Of course. You can use honey on a tablespoon for tablespoon basis in this recipe. Remember that raw honey should not be fed to children younger than 2 years of age. Honey compliments the flavors of raspberry Popsicles well.
Can I use stevia or another calorie-free sugar substitute?
Substituting the maple syrup for stevia may change the texture of the ice pop, making it harder and more like an ice cube. I haven’t tried using a calorie-free substitute for maple syrup. Try a blueberry ice pop or banana chocolate ice pop recipe if you are looking for a recipe with no sugar. If you try this recipe using stevia in the place of the maple syrup, leave a comment and let me know how it turned out.
Ice pop molds
Many containers can be used for ice pop molds. When my children were young we had Tupperware Popsicle molds with plastic one-piece sticks. The kids chewed them and we would lose them over the winter, deep in the far back of the Tupperware cupboard. I “lost” those molds in a move 15 years ago. In an effort to avoid plastic, I invested in stainless steel ice pop molds with wooden sticks like this one and this one. I don’t need to fuss about getting the sticks back. We wash and reuse the wooden sticks, but if they break or get lost, I can easily replace them with these.
You can also use up-cycled yogurt containers, paper cups, and any smooth-sided container that holds 2 to 3 ounces. If you aren’t using a dedicated Popsicle mold, you’ll need to center the stick in the mold after the ice pops have begun to freeze.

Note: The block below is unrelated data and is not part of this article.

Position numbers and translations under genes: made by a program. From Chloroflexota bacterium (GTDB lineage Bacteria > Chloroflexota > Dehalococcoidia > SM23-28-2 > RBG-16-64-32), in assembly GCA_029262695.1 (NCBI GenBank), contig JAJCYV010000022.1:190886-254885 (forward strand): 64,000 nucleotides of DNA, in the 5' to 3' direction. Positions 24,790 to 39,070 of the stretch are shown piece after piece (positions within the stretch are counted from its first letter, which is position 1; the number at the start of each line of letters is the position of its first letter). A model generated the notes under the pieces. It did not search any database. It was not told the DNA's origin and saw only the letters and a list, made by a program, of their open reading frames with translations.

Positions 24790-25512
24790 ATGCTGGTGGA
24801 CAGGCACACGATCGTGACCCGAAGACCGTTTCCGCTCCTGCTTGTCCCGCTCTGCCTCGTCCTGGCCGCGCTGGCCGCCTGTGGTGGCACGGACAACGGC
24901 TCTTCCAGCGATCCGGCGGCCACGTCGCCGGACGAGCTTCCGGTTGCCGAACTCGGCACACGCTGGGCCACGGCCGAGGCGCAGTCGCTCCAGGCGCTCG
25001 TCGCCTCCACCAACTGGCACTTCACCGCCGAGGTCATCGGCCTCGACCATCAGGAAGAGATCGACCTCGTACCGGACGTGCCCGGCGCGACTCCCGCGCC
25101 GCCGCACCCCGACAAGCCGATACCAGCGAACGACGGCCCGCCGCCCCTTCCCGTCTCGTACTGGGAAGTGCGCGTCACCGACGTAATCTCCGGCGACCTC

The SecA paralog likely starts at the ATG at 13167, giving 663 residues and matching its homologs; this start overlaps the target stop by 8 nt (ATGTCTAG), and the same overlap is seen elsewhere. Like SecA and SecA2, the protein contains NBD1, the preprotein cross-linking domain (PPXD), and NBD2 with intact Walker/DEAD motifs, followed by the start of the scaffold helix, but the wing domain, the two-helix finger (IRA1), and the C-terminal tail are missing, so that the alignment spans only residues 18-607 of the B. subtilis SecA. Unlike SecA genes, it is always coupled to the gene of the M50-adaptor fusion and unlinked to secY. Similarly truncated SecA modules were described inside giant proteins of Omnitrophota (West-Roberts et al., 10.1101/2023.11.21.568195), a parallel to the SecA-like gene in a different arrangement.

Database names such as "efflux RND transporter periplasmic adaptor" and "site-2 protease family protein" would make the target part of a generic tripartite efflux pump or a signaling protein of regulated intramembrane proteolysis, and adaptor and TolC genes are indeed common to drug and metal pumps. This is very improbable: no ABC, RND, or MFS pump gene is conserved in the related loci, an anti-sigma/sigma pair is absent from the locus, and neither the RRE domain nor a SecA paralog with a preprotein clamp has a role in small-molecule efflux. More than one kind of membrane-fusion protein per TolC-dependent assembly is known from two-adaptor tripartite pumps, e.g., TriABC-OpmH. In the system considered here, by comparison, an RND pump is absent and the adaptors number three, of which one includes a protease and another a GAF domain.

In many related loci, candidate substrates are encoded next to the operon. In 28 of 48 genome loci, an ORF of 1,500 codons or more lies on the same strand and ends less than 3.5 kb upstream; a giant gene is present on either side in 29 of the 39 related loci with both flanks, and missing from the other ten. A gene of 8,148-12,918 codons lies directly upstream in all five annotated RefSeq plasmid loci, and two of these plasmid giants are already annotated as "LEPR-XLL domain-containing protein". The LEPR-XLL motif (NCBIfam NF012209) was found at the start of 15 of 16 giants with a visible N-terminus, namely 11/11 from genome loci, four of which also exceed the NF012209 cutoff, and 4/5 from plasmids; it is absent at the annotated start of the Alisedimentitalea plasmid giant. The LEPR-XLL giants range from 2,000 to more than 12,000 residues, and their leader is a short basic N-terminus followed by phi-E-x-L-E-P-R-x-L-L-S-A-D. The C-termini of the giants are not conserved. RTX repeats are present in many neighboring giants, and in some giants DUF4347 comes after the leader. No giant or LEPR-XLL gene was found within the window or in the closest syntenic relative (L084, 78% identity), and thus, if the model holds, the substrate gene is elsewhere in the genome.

Storing Ice Pops
You can make ice pops ahead and store them in the freezer for up to 4 weeks. That’s a good idea for planning ahead for visits from the grandchildren, cousins, or sleepovers. One ice pop mold usually makes only 6 to 8 ice pops. But you can make raspberry Popsicles and store them in ice pop bags like these, so that your molds are ready for other flavors like blueberry ice pops, rhubarb ice pops, chocolate banana fudge pops, or even elderberry ice pops for sore throats.
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Break the pop and sweet tea habit with these healthier options. You’ll save money, reduce food waste, and enjoy delicious and nutritious hot and cold drinks year-round when you use herbs, garden fruit and berries, and even weeds to make healthy tea, drinks, and beverage syrups.